Coronavirus is now confirmed not just in mink farm workers, but in the mink themselves at one farm in the Fraser Valley of British Columbia.
In a news release, provincial authorities noted that the farm had been following all biosecurity measures in place to prevent coronavirus from taking a foothold.
“We have just seen the proof that biosecurity isn’t enough to prevent the movement of this virus on mink farms. This can happen again, and we expect it will,” says Lesley Fox, Executive Director of The Fur-Bearers.
The Fur-Bearers note that with only a few mink farms remaining in British Columbia, the time is ripe for government to assist them to moving from the fur industry into new, green and sustainable businesses. Additionally, 81% of Canadians oppose killing animals for their fur, according to a Research Co. survey.
“The few fur farms remaining in British Columbia will likely require government assistance to recover from the pandemic and historically low pelt prices,” Fox says. “We should use this opportunity to transition these businesses to new, profitable and sustainable operations that help us meet our climate goals.”
Residents of British Columbia are encouraged to contact their MLA and Minister of Agriculture Lana Popham (AGR.Minister@gov.bc.ca). Tips for writing your own letter are at the bottom of this page; please consider using our form below.
Want to write your own letter? Send it to AGR.Minister@gov.bc.ca and consider using these keypoints:
Mink farms have been and continue to be a concern for public health:
- Recommended “biosecurity” measures were confirmed as in place where virus found
- Eight workers at a single farm and all tested mink positive for coronavirus in Fraser Valley
- Concerns regarding rapid coronavirus spread on mink fur farms known since summer
- Mutated form of the virus identified in Europe that have potential to negatively impact vaccination efforts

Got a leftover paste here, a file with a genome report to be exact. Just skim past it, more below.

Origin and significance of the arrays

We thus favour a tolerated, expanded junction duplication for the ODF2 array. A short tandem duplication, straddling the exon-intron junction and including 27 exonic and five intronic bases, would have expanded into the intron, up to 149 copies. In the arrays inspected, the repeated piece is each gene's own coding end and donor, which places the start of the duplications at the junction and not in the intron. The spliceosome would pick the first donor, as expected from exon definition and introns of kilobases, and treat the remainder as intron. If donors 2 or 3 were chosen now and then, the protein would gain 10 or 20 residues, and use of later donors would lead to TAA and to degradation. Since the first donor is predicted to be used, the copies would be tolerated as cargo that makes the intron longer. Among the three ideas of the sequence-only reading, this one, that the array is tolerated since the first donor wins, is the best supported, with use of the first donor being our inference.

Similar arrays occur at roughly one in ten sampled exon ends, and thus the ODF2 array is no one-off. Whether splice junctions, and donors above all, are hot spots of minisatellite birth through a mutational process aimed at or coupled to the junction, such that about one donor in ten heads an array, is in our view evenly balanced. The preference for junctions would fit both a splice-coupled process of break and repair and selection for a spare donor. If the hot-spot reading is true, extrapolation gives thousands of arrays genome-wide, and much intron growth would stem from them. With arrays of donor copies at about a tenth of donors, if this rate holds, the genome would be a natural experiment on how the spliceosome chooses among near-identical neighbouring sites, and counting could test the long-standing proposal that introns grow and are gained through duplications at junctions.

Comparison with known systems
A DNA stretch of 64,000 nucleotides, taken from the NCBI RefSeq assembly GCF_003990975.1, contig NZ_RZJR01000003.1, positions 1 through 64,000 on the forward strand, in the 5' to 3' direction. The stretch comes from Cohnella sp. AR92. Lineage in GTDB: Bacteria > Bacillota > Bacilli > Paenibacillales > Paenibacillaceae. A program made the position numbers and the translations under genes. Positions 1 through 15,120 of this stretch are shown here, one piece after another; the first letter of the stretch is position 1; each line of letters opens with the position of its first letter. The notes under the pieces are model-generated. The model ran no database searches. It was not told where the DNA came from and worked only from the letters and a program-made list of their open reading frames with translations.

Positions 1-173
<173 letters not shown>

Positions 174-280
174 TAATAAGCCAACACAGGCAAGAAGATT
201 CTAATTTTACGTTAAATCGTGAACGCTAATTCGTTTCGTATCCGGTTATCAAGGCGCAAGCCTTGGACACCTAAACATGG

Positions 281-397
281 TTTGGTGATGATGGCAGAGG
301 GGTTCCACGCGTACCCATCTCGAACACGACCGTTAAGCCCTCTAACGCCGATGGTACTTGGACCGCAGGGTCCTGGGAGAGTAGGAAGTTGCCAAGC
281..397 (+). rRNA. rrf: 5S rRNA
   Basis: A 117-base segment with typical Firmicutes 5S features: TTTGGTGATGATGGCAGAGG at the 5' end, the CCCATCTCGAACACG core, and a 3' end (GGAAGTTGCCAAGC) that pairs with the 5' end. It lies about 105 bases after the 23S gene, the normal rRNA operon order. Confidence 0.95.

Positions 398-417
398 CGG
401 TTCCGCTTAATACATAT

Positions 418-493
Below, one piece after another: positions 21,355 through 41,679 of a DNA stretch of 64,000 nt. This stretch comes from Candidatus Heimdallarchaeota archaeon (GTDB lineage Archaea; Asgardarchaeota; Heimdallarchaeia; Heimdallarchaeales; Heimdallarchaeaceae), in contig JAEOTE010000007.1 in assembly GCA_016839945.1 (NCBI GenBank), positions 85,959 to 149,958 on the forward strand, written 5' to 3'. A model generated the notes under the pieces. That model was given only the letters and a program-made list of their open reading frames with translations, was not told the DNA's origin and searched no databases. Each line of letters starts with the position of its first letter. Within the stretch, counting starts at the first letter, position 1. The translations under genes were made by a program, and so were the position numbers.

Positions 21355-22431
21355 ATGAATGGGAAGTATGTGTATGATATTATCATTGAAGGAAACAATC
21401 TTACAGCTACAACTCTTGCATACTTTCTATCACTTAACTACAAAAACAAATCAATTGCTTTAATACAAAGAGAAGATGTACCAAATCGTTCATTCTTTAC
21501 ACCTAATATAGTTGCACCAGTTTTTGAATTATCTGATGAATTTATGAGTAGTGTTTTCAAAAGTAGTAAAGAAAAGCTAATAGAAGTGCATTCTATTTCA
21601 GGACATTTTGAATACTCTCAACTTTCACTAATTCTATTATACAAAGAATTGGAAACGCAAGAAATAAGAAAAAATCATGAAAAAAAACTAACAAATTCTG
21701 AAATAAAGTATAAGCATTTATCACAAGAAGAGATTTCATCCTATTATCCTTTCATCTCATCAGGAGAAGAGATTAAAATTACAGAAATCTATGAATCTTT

- Regardless of the number of farms and even on small farms, hundreds to tens of thousands of mink are kept in conditions that are ideal for a coronavirus (and others, such as Aleutian Disease) to take root, spread and mutate
- Responding to COVID on mink farms puts an unnecessary strain on our already limited resources, including medical staff
It’s time to end fur farming:
- There are only thirteen farms in British Columbia
- Animal suffering and environmental pollution on fur farms is well documented
- Fur farming is not an economic driver for BC or Canada
- 81% of Canadians oppose killing animals for their fur
- It is likely the industry will require government assistance to recover from the pandemic
- The Minister’s mandate includes finding ways to meet provincial climate goals
- Fur farms could potentially transition to green, sustainable businesses that help meet provincial and federal climate goals
- Countries all over the world have already banned or restricted fur farming including the UK, Netherlands, France, Norway, Belgium and Israel
- In October 2019, California became the first state in the US to ban fur sales. The statewide legislation prohibits the sales and production of new fur items starting 2023
- Textile innovation has replaced the need for animal fur
- Thousands of companies and brands are fur-free including Macy’s, Bloomingdale’s, Gucci, Prada, Chanel, Coach, Burberry, Versace, Michael Kors, Armani, Winners and H&M